The existence of (at least) two types of horses in the past is confirmed by osteological data.
Some Late Pleistocene fossil crania from Italy (ValdiChiana), Spain (E. antunesi of Fontainhas), and Late Bronze Switzerland (Auvernier) have the relatively long muzzle of Arab horses (Fig.6).
Other Middle and Late Pleistocene of Russia and Siberia (E. chosaricus and E. cf. chosaricus) and Late Pleistocene from France (E. gallicus, Siréjol) are Pony-like (Shetland, Pottok) by their short and wide muzzles (Fig.7).
The limb bone length proportions confirm the existence of “Arab-like” and “Pony-like” fossil horses.
For the “Arab-like” pattern there are however some differences (Fig.8). The Tilbeshar skeleton has the first anterior phalanges much longer; the skeleton collected in Egypt by Petrie (included in J. Clutton Brock and Burleigh, 1979 article) has moreover a much longer tibia.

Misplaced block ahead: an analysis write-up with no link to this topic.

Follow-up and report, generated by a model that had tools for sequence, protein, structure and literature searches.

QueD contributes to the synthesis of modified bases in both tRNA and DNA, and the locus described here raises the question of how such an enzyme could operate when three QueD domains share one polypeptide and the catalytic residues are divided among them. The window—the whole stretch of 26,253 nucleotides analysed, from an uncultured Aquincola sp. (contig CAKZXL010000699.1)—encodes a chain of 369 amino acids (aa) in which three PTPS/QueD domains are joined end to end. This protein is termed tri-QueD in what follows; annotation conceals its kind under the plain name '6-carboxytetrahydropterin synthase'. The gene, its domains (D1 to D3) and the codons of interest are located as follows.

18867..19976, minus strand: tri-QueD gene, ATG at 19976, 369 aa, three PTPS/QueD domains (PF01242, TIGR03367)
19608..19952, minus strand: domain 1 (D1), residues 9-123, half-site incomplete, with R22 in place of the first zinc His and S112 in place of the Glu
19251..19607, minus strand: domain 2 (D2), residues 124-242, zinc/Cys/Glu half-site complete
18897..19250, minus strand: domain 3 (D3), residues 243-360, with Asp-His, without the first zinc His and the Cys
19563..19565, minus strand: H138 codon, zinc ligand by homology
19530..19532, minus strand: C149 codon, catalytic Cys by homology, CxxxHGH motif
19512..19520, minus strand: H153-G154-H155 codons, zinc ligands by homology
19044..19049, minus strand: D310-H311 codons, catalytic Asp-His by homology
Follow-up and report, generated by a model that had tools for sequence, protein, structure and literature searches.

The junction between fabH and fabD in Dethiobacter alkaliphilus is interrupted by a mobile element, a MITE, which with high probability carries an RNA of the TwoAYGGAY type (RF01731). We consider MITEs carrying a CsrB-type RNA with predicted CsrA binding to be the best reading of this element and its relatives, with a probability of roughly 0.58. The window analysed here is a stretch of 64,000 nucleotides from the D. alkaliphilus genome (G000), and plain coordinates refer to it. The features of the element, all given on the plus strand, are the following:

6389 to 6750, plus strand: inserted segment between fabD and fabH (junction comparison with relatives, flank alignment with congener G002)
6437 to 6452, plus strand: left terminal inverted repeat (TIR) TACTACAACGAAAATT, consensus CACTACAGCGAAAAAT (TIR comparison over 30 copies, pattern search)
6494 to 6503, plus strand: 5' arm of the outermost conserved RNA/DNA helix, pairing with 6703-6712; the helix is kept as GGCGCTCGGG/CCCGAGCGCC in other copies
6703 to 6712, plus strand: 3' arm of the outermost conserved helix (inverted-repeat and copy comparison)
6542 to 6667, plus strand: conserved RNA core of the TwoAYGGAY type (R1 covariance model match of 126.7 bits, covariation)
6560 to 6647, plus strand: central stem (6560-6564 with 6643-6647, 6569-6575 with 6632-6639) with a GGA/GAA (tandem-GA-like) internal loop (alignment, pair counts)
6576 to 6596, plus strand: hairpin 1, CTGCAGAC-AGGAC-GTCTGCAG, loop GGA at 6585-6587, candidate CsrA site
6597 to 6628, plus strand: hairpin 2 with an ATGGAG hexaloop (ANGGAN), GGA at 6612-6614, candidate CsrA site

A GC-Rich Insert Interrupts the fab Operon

“Pony-like” horses are well represented in our fossil sample by E. gallicus (Late Pleistocene of France). That horse had, like some Iceland and Shetland Ponies, short metapodials relative to proximal bones (Fig.9).
CLUTTON-BROCK J. & BURLEIGH R., 1979. - Notes on the osteology of the Arab horse with reference to a skeleton collected in Egypt by Sir Flinders Petrie. Bull. Br. Mus. nat. Hist. (Zool.), 35 (2): 191-200.
SIMPSON G.G., 1941. - Large pleistocene felines of North America. American Museum Novitates, 1136, p.1-27, 11 fig., New York.